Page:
Document Type

Thesis

Degree

Master of Science (MS)

Department

Occupational Therapy

First Advisor's Name

Gail Ann Hills

First Advisor's Committee Title

Committee Chair

Second Advisor's Name

Paulette Johnson

Third Advisor's Name

Pamela Shaffner

Date of Defense

4-5-1999

Abstract

The purpose of this study was to compare age-related differences in self-reported health and self-reported functional abilities from 1971 individuals surveyed in the Comprehensive Needs Assessment Survey of Elders 60 years and Older in Dade County. The responses were divided into four age groups: (a) 60 to 64 years, (b) 65 to 74 years, (c) 75 to 84 years, and (d) 85 years and older and results compared.

The study found that self-reported health ratings were significantly different across the four age groups and exhibited a gradual decrease in favorable health ratings with age. For all ages, at least 60% of the respondents rated their health as either "excellent" or "good", but this percentage decreased from 68.10% in the youngest group to 60.7% in the oldest.

The study also found significant differences across age groups in functional abilities as measured by reported difficulties with eight activities of daily living (ADLs) and eight instrumental activities of daily living (IADLs). For all ADLs and IADLs, the percentage of respondents reporting difficulty increased with age, but this increase was most dramatic in the oldest age group (85+ years).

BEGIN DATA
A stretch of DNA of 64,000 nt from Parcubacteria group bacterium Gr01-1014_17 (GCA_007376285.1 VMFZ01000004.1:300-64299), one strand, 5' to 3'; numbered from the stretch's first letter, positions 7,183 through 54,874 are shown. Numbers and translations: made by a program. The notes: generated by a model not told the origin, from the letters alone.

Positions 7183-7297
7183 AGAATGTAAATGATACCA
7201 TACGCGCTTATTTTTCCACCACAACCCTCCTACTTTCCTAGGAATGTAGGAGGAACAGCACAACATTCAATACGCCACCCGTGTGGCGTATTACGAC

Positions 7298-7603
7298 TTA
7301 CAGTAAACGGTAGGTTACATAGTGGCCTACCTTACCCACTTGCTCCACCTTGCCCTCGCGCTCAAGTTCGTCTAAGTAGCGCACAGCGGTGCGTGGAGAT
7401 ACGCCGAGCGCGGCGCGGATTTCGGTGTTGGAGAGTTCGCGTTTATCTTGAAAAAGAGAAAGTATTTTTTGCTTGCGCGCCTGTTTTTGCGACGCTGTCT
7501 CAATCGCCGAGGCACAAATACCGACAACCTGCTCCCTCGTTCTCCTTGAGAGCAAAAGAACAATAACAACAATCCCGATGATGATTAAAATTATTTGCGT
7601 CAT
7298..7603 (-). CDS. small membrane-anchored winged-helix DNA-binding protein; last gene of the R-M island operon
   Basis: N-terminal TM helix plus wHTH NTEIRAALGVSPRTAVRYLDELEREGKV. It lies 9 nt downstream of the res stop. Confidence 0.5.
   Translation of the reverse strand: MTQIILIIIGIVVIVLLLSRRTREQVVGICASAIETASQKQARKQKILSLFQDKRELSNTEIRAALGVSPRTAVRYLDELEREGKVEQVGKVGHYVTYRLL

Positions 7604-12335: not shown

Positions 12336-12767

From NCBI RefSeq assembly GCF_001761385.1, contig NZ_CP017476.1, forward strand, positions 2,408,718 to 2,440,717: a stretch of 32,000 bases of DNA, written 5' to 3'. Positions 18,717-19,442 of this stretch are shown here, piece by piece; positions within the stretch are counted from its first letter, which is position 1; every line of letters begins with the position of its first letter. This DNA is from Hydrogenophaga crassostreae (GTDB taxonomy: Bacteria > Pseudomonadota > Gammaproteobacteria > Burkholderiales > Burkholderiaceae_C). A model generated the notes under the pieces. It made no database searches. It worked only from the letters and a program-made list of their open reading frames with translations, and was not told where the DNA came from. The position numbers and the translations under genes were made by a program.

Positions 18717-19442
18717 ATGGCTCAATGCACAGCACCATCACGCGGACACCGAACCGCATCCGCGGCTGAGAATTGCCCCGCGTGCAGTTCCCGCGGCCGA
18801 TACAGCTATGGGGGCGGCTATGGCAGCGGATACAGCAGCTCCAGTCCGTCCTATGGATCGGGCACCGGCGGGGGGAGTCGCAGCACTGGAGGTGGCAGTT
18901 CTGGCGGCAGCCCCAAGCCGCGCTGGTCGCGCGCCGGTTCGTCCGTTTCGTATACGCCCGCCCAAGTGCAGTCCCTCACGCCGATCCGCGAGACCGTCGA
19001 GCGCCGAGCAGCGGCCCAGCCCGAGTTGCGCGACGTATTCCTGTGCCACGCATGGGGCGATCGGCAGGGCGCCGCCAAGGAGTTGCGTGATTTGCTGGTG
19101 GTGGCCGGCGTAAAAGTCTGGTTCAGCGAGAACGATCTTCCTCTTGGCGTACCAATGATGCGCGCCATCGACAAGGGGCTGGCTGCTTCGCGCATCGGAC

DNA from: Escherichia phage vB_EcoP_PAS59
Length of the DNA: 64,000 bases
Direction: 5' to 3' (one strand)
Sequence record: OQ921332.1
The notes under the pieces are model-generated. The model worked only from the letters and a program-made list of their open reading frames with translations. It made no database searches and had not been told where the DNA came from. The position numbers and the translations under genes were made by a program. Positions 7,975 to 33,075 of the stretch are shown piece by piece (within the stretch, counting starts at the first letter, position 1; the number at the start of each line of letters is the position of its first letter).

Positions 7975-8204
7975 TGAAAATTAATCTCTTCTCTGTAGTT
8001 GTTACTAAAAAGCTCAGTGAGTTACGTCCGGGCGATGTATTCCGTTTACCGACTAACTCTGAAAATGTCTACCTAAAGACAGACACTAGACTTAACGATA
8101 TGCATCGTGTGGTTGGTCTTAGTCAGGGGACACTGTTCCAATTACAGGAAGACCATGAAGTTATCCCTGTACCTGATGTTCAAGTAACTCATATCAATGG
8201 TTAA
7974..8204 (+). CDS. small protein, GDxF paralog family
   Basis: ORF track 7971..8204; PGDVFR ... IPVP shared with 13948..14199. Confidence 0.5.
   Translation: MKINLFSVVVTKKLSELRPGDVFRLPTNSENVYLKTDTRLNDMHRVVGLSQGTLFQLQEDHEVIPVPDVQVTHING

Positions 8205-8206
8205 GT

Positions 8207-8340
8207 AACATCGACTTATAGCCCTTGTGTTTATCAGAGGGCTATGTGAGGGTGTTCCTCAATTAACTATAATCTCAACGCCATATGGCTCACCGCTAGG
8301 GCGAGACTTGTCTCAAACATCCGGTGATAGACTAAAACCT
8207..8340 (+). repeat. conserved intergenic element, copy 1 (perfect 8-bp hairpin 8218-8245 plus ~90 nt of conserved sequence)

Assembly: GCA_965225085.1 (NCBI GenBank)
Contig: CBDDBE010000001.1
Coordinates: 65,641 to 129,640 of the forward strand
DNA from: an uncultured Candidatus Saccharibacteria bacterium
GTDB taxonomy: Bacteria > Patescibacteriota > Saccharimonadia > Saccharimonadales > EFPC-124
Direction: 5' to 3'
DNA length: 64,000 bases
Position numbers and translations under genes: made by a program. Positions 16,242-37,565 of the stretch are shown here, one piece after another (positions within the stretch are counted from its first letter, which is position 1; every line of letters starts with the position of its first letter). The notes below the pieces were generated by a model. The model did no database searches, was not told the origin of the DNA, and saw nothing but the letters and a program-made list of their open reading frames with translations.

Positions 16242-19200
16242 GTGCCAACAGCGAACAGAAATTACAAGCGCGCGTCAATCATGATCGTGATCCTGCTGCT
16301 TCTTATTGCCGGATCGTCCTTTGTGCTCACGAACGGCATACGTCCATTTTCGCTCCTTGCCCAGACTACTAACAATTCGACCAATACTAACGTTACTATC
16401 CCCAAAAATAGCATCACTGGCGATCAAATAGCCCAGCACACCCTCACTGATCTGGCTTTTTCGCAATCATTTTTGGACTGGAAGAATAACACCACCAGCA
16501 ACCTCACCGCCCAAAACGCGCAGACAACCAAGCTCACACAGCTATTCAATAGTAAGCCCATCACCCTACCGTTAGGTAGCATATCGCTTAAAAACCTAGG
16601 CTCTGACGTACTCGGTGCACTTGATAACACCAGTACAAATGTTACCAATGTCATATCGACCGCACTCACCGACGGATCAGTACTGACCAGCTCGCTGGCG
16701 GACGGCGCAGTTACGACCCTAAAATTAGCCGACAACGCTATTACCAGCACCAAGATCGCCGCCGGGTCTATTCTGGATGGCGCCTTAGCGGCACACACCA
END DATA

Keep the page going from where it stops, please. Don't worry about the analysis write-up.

There was a positive relationship between self-reported health and functional ability in the four age groups and as the number of difficulties with ADLs or IADLs increased, self-reported health became poorer. However, the relationship between self-reported health and functional ability tended to weaken with age. Pearson correlation coefficients between self-reported health and difficulties with ADLs decreased from the youngest age group (r=.463) to the oldest group (r=.310). Similarly, the correlation between self-reported health and difficulties with IADLs was higher in the two younger age groups (r=.326 and r=.420) than the two older groups (r=.249 and r=.215). Pairwise z-tests revealed that the correlations of the oldest age group were significantly different from the other age groups.

The study also found gender differences across age groups.

The findings from this study suggest that there is a relationship between self-reported health and functional abilities and this relationship tends to weaken with age. The implications of these findings for occupational therapy with elderly clients are discussed.

Identifier

FI14060889

Comments

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